July 7 was a clear day in northern Michigan. Late in the evening, Jeremy Sheaffer climbed onto the roof of the cottage on Bluff Street, watched the sun slowly drop over Lake Michigan, and wept. Sheaffer’s grandparents and great-grandmother first came to Bay View, a picturesque summer community of some 450 Victorian cottages, in 1917. In the century since six generations of the family tree became entwined with the place: Sheaffer’s grandparents had five children, 20 grandchildren, and dozens of great-grandchildren. By now the extended family is scattered around the country; in the summer, cousins and nieces return to Michigan, renewing family ties and creating their own memories.
Sheaffer, now a 52-year-old father of two based in Maine, where he directs a conservation organization, doesn’t actually have a first recollection of Bay View, he said. “It’s just something that has always been there.” He made his first friends in the community’s youth club, spent glorious adolescent afternoons sailing on the bay, had his heart broken by the swing. “There’s a memory there on every corner, every lamp post,” he said. “I’m closer with Bay View than any other place that I’ve ever been.”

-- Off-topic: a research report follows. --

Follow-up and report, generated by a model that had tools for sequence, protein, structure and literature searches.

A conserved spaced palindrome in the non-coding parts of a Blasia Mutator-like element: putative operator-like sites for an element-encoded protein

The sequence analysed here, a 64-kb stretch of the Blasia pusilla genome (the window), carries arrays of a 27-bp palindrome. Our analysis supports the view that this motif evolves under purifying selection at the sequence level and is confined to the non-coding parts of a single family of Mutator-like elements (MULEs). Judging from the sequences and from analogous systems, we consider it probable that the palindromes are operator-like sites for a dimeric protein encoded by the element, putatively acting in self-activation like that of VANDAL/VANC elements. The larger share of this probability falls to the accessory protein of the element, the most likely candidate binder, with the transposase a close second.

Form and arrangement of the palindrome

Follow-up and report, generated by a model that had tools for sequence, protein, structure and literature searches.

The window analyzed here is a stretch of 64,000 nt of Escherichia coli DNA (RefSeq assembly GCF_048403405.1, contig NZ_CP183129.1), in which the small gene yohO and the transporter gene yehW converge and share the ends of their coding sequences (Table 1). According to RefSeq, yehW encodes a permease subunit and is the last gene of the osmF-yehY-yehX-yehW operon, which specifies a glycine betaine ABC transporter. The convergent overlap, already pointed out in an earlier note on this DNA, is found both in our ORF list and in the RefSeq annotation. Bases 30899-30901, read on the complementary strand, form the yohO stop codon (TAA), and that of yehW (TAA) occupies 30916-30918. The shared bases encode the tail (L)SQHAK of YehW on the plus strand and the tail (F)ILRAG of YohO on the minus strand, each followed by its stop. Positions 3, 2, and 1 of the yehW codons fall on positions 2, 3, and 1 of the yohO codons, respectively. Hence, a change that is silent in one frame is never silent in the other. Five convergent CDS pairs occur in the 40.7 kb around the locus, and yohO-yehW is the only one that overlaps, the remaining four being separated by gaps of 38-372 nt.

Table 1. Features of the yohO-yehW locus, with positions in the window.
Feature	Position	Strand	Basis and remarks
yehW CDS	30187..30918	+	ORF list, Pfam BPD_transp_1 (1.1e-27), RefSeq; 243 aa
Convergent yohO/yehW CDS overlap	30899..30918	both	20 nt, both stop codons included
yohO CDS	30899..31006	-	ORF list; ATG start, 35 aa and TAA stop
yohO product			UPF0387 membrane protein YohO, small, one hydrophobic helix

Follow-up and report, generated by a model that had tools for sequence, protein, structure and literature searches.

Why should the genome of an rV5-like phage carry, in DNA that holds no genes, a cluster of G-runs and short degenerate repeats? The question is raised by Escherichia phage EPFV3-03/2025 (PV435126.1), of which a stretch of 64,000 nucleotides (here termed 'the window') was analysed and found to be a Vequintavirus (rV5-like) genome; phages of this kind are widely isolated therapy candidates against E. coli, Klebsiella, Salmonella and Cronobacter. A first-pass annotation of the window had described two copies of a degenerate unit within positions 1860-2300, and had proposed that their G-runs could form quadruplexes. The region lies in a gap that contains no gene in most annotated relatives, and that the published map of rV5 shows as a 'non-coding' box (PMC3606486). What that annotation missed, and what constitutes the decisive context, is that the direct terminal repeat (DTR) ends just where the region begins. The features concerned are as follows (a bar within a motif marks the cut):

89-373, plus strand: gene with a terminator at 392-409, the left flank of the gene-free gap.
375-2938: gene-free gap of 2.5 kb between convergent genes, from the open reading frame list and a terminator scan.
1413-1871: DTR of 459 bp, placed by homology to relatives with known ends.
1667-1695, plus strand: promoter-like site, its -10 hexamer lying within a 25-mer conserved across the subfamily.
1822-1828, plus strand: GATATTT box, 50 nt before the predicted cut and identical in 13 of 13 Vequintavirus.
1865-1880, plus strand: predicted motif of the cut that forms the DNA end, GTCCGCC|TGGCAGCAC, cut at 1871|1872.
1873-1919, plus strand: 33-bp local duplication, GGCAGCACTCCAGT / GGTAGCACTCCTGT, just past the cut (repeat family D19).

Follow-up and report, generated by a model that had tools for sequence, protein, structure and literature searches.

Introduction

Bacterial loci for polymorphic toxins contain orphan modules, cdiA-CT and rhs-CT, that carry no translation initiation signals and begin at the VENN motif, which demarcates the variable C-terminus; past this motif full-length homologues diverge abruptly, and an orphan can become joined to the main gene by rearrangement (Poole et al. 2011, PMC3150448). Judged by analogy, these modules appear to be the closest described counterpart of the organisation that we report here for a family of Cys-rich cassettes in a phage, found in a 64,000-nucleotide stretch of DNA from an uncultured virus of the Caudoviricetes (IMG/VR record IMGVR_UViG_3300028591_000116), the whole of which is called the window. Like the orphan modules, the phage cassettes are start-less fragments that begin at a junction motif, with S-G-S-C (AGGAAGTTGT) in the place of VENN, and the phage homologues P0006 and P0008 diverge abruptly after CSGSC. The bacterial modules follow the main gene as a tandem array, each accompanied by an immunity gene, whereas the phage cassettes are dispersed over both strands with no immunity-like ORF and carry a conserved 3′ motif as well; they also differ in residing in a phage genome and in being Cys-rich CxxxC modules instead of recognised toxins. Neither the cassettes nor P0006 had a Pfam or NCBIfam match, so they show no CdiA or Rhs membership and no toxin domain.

But recently Sheaffer was preparing for the possibility of severing ties. This summer, for the first time in memory, he didn’t bring his wife and boys to Michigan for their beloved annual trip. Instead he came by himself for a week, to execute the sale of the Bluff Street cottage that had belonged to his parents, who both died last year. More daunting, he was also considering selling his portion of the cottage next door that he shares with his siblings—renouncing his stake in the community that’s defined so much of his life. “To be completely out—I don’t know what that’s going to feel like,” he said. “I can say that without Bay View a huge part of my life, a huge part of the world that I grew up in and have known all my life, would be gone.”